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Many historic districts have strict rules on what you can do to the exterior of your property. Cailloux gave Franceinfo the example of shutters on the popular island, Ile de Ré: "in that example, the PLU requires that all shutters be painted green, and the colour is clearly defined in a colour chart".

There are several sections in a PLU, including the appendices which gather all local plans regarding the prevention and possibility of natural disasters, like flooding or forest fires. Depending on how detailed the municipality's PLU is, it may also contain information and maps regarding noise pollution as well.


In December 2020, the PLU officially replaced its precursor, the 'Plan d'occupation des sols' (POS), which was previous the urban zoning document used across France.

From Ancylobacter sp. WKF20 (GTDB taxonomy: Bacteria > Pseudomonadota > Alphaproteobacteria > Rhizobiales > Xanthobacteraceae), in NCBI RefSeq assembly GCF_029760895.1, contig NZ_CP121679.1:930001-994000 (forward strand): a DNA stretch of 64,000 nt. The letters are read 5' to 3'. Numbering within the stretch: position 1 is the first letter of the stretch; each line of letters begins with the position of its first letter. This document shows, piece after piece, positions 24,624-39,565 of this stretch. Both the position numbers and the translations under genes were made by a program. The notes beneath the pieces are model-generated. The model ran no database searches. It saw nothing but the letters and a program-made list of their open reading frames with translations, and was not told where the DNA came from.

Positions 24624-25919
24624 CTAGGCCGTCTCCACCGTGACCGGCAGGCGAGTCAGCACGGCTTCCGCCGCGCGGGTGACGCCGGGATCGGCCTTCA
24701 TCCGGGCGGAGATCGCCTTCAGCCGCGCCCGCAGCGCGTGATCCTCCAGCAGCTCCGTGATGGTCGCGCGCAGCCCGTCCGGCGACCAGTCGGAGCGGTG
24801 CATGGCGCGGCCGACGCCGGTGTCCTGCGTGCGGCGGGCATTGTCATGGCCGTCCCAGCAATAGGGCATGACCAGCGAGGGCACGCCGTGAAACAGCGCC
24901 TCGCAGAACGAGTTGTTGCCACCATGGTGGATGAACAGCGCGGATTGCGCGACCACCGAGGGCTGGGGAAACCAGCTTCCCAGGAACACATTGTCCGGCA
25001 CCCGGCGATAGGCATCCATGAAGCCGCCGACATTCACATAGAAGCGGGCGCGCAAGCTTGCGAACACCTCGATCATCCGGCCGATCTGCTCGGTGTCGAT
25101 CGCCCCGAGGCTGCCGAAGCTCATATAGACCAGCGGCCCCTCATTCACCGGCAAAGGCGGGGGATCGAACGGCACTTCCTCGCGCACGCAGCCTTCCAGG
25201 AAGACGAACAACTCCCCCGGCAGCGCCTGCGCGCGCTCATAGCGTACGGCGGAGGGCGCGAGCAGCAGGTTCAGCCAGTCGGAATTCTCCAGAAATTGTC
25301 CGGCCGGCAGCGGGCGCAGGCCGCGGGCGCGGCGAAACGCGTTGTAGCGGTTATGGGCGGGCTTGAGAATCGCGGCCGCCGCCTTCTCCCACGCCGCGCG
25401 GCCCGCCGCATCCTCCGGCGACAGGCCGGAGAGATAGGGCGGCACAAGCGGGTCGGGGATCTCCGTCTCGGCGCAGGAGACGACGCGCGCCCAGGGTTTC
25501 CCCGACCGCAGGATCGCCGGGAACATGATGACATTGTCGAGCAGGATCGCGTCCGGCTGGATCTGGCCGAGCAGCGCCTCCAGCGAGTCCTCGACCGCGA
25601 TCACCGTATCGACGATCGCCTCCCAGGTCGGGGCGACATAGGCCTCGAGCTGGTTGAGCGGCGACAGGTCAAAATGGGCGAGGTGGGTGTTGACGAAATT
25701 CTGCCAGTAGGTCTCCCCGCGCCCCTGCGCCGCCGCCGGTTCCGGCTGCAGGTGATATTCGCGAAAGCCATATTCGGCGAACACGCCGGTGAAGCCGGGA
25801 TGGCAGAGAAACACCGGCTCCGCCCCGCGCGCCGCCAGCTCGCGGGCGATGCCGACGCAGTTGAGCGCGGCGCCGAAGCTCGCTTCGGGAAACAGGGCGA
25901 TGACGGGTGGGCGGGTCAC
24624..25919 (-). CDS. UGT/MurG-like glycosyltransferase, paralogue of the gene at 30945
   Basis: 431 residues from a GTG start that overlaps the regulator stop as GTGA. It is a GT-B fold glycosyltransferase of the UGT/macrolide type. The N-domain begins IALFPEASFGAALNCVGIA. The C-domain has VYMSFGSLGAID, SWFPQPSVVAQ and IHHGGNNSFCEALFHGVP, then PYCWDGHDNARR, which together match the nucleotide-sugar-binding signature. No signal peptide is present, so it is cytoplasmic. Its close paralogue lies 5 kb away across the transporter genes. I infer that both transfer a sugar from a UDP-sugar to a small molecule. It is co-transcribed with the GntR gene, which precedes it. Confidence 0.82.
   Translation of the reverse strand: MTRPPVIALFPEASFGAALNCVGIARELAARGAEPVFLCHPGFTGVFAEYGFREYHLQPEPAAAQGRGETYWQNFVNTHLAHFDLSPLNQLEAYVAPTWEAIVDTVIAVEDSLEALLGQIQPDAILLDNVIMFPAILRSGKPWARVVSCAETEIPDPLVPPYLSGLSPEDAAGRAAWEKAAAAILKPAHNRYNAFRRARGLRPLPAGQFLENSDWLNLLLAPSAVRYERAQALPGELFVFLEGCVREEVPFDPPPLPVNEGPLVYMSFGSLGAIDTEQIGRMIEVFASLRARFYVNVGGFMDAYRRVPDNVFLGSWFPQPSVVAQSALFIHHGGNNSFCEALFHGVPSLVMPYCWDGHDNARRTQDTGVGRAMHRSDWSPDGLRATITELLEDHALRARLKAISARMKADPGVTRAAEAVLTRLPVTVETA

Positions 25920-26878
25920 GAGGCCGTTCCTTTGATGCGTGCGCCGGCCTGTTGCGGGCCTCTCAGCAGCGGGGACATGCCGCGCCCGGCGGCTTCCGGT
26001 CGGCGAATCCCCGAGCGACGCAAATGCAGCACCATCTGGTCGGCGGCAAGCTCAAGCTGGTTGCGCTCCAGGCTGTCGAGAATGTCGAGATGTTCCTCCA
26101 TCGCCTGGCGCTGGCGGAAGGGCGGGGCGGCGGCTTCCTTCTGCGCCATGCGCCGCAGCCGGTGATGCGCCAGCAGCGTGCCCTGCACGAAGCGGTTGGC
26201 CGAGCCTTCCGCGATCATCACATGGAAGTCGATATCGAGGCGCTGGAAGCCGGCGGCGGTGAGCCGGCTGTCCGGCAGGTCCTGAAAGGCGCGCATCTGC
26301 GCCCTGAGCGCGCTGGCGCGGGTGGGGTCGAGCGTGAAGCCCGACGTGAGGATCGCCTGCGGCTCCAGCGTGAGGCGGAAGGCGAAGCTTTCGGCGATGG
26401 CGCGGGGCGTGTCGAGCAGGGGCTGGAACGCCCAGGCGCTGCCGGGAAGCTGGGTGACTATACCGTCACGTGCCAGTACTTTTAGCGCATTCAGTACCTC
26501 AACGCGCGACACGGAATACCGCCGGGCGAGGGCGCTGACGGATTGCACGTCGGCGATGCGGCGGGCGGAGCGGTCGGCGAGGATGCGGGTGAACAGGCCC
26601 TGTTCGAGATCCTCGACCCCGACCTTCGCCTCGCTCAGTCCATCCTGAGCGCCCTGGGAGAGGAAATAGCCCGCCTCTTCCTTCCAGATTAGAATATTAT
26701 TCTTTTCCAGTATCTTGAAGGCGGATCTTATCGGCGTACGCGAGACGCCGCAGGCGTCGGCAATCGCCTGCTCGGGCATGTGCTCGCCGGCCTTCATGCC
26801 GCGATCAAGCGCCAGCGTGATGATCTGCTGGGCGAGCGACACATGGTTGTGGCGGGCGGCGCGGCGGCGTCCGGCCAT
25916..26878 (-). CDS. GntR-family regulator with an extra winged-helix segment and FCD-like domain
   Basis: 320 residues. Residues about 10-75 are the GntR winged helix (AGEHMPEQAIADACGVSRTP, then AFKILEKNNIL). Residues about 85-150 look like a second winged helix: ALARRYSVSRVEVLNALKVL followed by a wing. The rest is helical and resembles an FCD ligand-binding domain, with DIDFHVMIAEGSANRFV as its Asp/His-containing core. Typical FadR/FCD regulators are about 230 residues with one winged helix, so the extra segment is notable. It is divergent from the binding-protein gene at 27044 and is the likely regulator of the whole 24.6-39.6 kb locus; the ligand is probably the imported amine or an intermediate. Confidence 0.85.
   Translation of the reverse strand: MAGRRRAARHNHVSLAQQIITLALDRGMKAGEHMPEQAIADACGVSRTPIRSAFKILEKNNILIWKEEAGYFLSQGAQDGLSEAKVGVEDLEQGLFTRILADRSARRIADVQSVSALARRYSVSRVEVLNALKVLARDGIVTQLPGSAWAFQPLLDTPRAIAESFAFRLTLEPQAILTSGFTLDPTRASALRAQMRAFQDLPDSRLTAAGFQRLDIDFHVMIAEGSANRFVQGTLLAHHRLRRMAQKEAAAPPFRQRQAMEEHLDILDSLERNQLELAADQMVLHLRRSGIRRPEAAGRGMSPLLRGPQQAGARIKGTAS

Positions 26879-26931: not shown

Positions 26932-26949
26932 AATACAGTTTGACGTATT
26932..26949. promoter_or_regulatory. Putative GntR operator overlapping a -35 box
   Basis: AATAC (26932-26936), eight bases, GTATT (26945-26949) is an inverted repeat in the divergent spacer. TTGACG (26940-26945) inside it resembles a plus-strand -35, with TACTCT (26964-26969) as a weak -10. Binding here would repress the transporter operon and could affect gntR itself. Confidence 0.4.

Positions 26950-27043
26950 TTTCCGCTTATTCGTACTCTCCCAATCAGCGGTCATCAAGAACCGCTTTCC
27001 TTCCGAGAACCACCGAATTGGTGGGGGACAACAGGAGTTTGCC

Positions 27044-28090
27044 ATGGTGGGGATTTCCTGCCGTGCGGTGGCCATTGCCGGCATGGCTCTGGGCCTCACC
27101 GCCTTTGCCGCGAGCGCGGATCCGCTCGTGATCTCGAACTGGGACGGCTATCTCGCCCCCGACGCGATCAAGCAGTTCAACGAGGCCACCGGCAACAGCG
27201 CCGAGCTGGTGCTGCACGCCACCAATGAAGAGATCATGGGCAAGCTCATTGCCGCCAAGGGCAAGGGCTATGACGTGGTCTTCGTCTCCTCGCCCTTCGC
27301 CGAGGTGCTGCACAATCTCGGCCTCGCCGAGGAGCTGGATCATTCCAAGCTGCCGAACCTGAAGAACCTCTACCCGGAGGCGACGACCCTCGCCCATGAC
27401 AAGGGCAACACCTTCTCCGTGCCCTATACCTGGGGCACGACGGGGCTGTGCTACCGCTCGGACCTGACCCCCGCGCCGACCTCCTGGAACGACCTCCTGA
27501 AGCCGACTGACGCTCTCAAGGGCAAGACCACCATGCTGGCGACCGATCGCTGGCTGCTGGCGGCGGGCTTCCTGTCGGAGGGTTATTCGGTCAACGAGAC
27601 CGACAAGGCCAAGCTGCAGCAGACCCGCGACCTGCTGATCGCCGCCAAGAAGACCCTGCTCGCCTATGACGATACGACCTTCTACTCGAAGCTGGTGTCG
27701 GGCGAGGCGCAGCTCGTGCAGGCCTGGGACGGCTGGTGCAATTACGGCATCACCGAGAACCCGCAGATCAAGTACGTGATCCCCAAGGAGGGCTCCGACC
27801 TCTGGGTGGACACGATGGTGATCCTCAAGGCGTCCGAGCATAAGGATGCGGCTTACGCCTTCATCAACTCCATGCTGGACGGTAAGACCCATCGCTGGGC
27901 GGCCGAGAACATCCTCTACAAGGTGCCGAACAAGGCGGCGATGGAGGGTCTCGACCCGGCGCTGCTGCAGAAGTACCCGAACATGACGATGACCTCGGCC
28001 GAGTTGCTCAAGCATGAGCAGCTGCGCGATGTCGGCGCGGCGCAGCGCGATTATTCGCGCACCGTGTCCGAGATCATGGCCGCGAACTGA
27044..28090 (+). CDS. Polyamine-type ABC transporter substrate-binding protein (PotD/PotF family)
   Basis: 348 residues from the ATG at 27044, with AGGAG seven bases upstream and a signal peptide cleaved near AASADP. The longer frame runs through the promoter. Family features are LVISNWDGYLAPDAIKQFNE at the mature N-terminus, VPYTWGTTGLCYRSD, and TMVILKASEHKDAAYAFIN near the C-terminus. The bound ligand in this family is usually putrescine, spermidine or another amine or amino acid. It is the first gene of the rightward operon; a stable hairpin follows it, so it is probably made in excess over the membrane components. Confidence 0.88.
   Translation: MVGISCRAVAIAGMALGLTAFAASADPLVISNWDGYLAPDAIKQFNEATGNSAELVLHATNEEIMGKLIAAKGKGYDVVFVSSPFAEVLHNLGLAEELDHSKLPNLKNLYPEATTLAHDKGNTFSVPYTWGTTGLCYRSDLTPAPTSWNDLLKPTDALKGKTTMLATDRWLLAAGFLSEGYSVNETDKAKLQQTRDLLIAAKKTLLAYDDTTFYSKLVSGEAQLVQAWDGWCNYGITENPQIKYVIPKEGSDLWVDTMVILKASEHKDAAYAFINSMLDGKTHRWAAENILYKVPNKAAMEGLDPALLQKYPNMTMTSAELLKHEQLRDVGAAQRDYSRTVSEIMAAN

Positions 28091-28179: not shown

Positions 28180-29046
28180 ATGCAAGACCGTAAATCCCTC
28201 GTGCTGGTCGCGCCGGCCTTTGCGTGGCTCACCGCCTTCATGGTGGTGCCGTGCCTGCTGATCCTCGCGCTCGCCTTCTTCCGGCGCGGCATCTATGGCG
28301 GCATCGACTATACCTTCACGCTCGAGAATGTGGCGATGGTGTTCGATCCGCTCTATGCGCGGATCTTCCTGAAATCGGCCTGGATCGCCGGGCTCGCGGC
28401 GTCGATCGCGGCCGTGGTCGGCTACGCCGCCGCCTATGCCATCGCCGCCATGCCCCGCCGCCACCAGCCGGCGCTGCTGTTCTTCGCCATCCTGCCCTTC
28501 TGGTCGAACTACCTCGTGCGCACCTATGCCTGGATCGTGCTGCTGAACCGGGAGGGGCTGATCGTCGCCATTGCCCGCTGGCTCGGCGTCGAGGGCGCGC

How can I consult the PLU?

Anyone can consult a local zoning plan. The first step is to visit your local mairie (town hall). While big cities and urban areas typically have the PLU published on their website, it is often necessary to go in person to the mairie in villages and towns.

As the PLU can be complicated and difficult to understand, it is advisable to make an appointment with the urbanisation department to get assistance in going through the PLU. When going through the document, you might be able to take photos to consult later, though you should ask permission first.

Depending on the size of your municipality, you may also be able to sit down with the mayor - in rural France, the mayor plays an important role in many aspects of village-life, including the approval of building permits, and as such is a great person to ask about any planned building projects in the area.